Figure 4a-d. Honey bee colony shape as determined from – a) a colony with a constant daily worker bee recruitment rate, b) a colony with a fixed daily recruitment rate and a relatively constant mortality rate, c) mortality rate, d) item 4c redrawn as a “kite diagram

Figure 4a-d. Honey bee colony shape as determined from – a) a colony with a constant daily worker bee recruitment rate, b) a colony with a fixed daily recruitment rate and a relatively constant mortality rate, c) mortality rate, d) item 4c redrawn as a “kite diagram

Perhaps, it would also be more appropriate to think of this simple linear model as being somewhat plastic. A more plastic version of the linear model would be the most preferable image to use when thinking about a honey bee colony. A plastic linear model allows your mind to reshape the colony’s image to accommodate other information that you know that could potentially affect a colony’s shape.

Even if the recruitment rate is constant, the brood portion of the linear image will not have parallel edges because not all the daily recruited bees are likely to survive (see figure 4b). The hose/pipeline leaks. If the adult bees in the colony cannot adequately feed and care for all of the new recruits, they will not be allowed to live. Some may be cannibalized (Fukuda and Sakagami 1968). Other bees may succumb to: American foulbrood, European foulbrood, sacbrood, chalkbrood, various viruses, or Varroa mites. As a consequence, a colony with a constant recruitment rate should not be represented as having parallel sides but rather tapered sides that reflect that not all the bees recruited to the colony will survive to become adults. If a colony has a constant daily recruitment rate, the sides of the first three initial linear segments will not be parallel to each other but rather tapered to reflect the death that occurred in the first 21 days of their life (see figure 4b). Most population models incorporate brood mortality rates observed by Fukuda and Sakagami (1968) because colony specific mortality rates for eggs, larvae and sealed brood are expensive and time consuming to acquire.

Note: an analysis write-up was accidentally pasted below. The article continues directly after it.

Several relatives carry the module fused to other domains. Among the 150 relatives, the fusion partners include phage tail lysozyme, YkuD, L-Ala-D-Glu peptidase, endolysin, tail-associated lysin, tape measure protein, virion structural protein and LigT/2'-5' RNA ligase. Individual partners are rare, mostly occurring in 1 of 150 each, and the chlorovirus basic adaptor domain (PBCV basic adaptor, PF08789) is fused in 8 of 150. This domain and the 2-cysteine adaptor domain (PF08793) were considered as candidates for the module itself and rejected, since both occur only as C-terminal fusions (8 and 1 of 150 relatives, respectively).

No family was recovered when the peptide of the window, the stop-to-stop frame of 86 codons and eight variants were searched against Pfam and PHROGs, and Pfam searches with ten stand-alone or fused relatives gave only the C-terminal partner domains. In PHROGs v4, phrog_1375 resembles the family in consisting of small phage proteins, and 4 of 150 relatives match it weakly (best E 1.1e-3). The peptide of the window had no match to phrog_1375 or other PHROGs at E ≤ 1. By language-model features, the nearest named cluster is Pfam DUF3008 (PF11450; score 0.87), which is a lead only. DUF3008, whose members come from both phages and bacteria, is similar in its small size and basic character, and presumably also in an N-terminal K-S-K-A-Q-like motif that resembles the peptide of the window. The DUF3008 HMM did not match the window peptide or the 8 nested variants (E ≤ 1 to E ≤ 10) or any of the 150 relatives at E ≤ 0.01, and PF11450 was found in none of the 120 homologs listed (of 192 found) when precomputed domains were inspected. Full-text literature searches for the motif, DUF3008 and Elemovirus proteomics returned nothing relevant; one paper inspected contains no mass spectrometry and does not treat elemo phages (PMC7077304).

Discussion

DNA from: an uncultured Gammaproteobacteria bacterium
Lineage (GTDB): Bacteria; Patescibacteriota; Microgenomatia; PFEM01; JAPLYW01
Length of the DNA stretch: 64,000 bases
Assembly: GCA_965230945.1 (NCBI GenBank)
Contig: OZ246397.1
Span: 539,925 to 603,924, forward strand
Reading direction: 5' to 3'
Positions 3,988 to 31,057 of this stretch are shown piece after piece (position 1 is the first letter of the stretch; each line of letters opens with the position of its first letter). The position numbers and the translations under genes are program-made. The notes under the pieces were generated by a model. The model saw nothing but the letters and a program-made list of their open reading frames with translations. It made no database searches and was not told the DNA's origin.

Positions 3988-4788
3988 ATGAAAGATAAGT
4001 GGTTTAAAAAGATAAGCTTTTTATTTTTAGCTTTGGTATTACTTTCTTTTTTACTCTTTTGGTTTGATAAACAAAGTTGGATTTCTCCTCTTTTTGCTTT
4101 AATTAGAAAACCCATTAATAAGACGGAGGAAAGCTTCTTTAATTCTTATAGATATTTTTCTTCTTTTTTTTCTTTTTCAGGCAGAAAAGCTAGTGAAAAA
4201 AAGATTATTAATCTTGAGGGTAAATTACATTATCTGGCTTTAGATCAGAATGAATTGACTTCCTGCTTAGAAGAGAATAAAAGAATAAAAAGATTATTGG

Likewise, the shape of the fourth segment containing the adult bees will depend on when these adult bees die. Adult bees emerging in a healthy colony between 1 April and mid-August on the Northern Great Plains of North America, should have an average adult life expectancy of between 33.3 to 36.5 days or slightly higher. Less than 0.06 percent of the spring and summer reared adult bees survive until they are between 84 and 96 days of age (Harris & Harris, unpublished).

Nolan (1932) used a hypothetical worker bee longevity to estimate a colony’s adult bee population. It was based on a division of labour proposed by Rösch (1925), where: the average adult bee spend two days cleaning cells, eight days nursing young bees, nine days performing other hive duties, and the last 16 days of their adult lives as foragers before they die. In essence, in his model, the adult bee population was assumed to contain exactly 35 daily adult bee segments. When a bee became 36 days old, it died. Bodenheimer (1937) used a similar assumption, except the adult portion of the colony contained 42 daily adult bee segments. The total life expectancy of a worker bee from the time it was deposited as an egg until it died was estimated to be exactly 63 days.